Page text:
Pennsylvania GOP Rep. Charlie Dent's decision to retire in 2018 not only gives Democrats another valuable pickup opportunity, it further depletes the ranks of moderate Republicans in the House. In his statement, Dent cited "disruptive outside influences that profit from increased polarization and ideological rigidity that leads to dysfunction, disorder and chaos." Dent never endorsed Donald Trump in 2016 and voted against the GOP's healthcare repeal bill.
Dent had been flirting with danger from his right flank before his announcement. Although Dent had dodged a conservative primary challenge for years, state Rep. Justin Simmons had been gearing up to run in 2018, accusing Dent of "going off the rails" on President Trump. Now, the possibility that Republicans will nominate a more ardent conservative to succeed Dent suddenly makes this Lehigh Valley seat more intriguing for Democrats.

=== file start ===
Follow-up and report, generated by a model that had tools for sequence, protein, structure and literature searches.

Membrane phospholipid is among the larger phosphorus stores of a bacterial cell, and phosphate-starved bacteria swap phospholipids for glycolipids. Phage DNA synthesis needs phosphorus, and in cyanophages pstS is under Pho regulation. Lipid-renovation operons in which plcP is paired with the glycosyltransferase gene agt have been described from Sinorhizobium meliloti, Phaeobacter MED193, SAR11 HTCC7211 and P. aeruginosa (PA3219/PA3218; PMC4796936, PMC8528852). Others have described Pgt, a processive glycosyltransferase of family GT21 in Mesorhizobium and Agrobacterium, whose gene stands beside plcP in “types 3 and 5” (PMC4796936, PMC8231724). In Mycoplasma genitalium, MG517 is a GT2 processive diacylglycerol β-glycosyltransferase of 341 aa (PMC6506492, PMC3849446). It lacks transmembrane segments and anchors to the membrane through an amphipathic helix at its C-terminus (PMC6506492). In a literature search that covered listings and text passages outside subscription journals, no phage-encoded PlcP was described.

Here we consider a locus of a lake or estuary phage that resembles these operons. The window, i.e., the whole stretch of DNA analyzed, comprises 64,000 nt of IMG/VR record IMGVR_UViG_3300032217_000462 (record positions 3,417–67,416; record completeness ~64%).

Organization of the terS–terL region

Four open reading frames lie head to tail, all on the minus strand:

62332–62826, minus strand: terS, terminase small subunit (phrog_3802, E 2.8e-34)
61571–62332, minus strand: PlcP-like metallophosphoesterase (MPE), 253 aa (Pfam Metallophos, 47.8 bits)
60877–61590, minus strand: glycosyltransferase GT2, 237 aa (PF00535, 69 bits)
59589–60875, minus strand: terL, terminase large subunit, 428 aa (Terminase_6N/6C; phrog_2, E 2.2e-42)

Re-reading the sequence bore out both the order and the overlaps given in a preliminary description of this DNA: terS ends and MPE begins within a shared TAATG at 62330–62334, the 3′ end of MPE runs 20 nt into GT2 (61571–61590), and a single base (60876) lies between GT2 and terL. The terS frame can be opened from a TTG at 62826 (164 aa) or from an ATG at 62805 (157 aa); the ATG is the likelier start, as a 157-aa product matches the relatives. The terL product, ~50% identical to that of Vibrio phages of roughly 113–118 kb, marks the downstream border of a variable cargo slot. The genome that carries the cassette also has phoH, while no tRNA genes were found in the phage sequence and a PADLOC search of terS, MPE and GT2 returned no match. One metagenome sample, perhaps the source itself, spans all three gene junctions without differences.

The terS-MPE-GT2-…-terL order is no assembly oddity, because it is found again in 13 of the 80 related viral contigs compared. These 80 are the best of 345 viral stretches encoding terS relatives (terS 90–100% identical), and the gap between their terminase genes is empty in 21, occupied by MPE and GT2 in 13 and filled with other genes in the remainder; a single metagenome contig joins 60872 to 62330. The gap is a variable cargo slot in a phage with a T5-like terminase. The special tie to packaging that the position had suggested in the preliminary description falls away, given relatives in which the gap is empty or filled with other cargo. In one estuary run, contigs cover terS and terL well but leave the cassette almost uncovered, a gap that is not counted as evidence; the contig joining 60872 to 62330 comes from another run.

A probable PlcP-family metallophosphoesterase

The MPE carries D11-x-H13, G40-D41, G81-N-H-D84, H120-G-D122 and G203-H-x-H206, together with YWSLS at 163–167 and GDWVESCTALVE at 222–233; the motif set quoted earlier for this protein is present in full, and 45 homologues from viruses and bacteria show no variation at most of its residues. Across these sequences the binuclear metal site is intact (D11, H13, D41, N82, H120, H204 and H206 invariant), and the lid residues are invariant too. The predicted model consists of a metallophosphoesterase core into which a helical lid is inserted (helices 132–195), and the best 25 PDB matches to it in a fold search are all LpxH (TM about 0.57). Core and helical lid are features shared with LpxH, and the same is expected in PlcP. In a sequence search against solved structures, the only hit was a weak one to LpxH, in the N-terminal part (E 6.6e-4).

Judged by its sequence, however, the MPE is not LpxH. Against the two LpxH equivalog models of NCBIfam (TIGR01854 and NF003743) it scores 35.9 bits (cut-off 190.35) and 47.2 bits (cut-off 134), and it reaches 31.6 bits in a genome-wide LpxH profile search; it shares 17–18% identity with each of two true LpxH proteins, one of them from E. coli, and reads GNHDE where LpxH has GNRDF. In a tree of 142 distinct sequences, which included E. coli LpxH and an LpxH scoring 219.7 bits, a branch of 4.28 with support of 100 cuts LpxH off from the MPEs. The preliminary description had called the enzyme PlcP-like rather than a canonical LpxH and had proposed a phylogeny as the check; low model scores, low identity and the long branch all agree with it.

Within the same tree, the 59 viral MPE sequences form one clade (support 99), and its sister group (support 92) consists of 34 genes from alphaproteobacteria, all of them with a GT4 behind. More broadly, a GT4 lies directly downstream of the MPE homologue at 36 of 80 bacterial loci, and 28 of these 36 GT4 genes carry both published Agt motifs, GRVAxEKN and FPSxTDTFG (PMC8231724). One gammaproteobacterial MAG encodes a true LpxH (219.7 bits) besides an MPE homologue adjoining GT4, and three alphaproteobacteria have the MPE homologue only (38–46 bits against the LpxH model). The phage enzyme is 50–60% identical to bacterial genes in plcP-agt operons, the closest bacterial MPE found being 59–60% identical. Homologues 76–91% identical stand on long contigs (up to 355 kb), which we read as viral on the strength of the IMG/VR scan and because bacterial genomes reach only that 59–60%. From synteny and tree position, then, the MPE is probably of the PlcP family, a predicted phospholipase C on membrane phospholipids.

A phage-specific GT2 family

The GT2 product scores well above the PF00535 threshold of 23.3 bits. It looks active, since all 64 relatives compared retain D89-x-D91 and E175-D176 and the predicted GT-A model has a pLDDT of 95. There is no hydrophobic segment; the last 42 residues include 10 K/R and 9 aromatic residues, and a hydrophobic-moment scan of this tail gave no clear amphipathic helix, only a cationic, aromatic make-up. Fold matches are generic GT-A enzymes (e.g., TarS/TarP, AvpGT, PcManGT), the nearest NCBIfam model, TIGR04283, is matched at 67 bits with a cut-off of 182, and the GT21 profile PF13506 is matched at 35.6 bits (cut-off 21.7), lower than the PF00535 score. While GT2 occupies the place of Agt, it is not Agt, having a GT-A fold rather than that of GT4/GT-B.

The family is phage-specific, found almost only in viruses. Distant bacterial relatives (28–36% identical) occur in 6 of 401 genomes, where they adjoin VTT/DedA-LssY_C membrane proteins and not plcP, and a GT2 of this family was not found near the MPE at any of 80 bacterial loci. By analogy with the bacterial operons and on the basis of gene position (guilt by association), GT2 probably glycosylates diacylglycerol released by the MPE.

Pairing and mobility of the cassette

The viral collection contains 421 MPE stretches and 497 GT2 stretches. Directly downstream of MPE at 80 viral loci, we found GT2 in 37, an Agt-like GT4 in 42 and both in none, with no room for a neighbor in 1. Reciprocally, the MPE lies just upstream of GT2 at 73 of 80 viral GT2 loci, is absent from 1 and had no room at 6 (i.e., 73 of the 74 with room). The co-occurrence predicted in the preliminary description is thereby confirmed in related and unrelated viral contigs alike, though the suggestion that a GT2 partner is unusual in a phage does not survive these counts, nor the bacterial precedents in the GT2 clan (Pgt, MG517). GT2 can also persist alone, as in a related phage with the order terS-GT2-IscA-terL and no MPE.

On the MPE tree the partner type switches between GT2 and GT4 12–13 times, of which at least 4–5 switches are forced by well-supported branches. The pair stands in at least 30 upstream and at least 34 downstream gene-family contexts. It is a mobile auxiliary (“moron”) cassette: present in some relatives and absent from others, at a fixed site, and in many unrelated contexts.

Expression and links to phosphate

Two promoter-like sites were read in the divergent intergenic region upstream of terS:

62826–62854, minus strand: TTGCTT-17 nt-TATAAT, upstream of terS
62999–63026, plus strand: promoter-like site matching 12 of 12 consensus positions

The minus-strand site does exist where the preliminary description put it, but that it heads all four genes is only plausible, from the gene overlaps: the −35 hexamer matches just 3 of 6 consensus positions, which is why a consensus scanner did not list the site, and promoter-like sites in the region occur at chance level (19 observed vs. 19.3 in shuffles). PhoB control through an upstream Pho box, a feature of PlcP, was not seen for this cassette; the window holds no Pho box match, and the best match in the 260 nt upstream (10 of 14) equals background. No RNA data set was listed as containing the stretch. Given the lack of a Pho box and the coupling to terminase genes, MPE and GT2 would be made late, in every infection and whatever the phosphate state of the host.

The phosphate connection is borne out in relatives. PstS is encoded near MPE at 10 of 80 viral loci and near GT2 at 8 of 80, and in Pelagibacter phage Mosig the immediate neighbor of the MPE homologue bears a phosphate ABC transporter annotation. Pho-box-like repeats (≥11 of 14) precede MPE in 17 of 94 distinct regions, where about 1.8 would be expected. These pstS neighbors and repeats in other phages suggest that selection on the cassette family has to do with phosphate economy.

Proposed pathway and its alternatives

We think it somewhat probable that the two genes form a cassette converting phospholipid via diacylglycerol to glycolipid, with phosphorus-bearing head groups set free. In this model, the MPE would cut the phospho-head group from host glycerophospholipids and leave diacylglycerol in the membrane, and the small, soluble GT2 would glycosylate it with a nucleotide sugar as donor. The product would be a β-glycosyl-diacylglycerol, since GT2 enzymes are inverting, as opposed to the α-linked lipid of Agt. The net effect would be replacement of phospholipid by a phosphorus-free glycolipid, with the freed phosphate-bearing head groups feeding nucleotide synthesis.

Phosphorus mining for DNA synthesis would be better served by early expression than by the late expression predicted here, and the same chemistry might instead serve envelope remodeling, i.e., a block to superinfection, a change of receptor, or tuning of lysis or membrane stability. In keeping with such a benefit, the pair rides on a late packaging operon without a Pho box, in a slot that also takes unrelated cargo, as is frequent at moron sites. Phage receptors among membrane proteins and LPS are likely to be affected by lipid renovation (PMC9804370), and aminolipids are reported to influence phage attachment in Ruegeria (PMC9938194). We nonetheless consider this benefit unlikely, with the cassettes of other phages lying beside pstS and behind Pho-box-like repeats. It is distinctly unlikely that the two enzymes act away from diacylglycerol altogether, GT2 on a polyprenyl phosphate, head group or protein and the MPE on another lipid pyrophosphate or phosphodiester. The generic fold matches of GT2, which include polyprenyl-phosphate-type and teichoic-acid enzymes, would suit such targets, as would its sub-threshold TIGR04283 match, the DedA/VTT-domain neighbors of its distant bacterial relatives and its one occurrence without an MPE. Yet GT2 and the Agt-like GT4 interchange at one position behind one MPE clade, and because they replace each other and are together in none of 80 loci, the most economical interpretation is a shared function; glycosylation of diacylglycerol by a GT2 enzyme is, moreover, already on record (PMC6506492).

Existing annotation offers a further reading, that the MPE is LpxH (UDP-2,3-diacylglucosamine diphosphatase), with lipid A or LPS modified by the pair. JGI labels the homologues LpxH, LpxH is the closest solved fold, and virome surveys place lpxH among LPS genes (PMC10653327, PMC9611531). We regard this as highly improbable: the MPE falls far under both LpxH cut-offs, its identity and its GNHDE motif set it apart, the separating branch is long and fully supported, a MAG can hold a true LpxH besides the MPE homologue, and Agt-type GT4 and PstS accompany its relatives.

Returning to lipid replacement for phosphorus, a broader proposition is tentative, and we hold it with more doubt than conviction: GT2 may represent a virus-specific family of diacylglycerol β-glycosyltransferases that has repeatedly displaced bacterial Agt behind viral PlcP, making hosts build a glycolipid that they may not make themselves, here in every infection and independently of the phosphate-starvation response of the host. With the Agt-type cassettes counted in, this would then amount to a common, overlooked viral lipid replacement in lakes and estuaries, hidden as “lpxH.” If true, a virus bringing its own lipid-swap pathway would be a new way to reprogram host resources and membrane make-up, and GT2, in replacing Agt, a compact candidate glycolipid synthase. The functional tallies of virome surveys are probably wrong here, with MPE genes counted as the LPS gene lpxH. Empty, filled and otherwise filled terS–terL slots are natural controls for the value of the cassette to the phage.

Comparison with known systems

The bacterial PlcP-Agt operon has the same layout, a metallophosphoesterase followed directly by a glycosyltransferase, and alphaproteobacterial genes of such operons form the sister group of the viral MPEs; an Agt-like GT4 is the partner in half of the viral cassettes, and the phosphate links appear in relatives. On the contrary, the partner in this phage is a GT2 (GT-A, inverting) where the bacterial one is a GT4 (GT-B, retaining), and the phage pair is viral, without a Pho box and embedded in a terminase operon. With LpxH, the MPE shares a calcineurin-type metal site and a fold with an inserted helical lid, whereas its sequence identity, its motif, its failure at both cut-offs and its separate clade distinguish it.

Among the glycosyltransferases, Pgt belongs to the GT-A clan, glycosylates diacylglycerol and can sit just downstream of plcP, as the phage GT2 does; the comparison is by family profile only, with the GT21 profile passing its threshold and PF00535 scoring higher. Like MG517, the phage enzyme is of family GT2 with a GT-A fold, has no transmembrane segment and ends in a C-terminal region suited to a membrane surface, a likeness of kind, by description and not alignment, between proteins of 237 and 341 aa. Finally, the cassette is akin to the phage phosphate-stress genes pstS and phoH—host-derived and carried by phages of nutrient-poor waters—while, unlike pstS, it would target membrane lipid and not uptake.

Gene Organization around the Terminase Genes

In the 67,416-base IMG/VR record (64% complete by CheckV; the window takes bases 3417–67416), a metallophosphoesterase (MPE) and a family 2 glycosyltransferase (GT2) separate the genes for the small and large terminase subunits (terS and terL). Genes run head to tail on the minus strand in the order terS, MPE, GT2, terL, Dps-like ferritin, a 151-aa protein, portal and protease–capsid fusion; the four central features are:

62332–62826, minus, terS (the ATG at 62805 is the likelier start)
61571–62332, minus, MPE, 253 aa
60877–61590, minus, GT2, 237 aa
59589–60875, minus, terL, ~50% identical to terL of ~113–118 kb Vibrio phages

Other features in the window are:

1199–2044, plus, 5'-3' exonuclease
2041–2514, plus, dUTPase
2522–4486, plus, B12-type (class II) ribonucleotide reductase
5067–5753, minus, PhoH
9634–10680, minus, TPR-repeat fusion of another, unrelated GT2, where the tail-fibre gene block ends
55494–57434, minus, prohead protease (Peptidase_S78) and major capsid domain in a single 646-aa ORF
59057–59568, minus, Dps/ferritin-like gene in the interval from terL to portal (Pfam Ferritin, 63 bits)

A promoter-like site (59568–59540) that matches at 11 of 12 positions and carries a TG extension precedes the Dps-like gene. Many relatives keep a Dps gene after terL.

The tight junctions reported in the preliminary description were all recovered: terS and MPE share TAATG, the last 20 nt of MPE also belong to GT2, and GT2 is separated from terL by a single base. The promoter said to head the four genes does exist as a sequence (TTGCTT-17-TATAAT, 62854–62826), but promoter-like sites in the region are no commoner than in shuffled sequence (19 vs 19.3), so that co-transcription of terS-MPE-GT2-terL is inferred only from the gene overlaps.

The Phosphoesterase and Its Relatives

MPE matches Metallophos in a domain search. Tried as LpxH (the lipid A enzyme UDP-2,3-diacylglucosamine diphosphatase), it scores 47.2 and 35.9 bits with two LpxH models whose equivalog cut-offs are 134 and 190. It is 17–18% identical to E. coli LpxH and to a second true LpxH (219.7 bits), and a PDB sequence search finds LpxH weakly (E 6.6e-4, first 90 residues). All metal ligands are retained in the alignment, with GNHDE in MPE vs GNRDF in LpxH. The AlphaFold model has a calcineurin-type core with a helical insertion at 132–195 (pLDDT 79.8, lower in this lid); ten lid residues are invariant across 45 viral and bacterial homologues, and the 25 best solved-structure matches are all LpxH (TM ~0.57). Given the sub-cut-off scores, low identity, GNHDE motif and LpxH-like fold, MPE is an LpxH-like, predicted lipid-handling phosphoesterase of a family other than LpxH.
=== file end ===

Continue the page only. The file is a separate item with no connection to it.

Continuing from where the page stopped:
A decade ago, PA-15 was a classic swing district based in the Lehigh Valley and Dent fended off some well-funded Democratic challengers. But in 2012, GOP mapmakers pushed it west to include Republican parts of Lebanon and suburbs of Harrisburg, which could make it tougher for Democrats to win as an open seat. The district voted for Mitt Romney by three points in 2012 and for Trump by eight points in 2016.
Still, the potential for a Democratic wave election means this seat will be in the thick of the battle for control of the House. This is a place where county party organizations still matter, and a lot depends on whether Republicans nominate someone much more ideological than Dent. For now, we are moving PA-15 from Solid Republican to Lean Republican, but the right Democratic candidate (or the wrong GOP one) could make it even more competitive.
Image Credit: AP Photo/Bastiaan Slabbers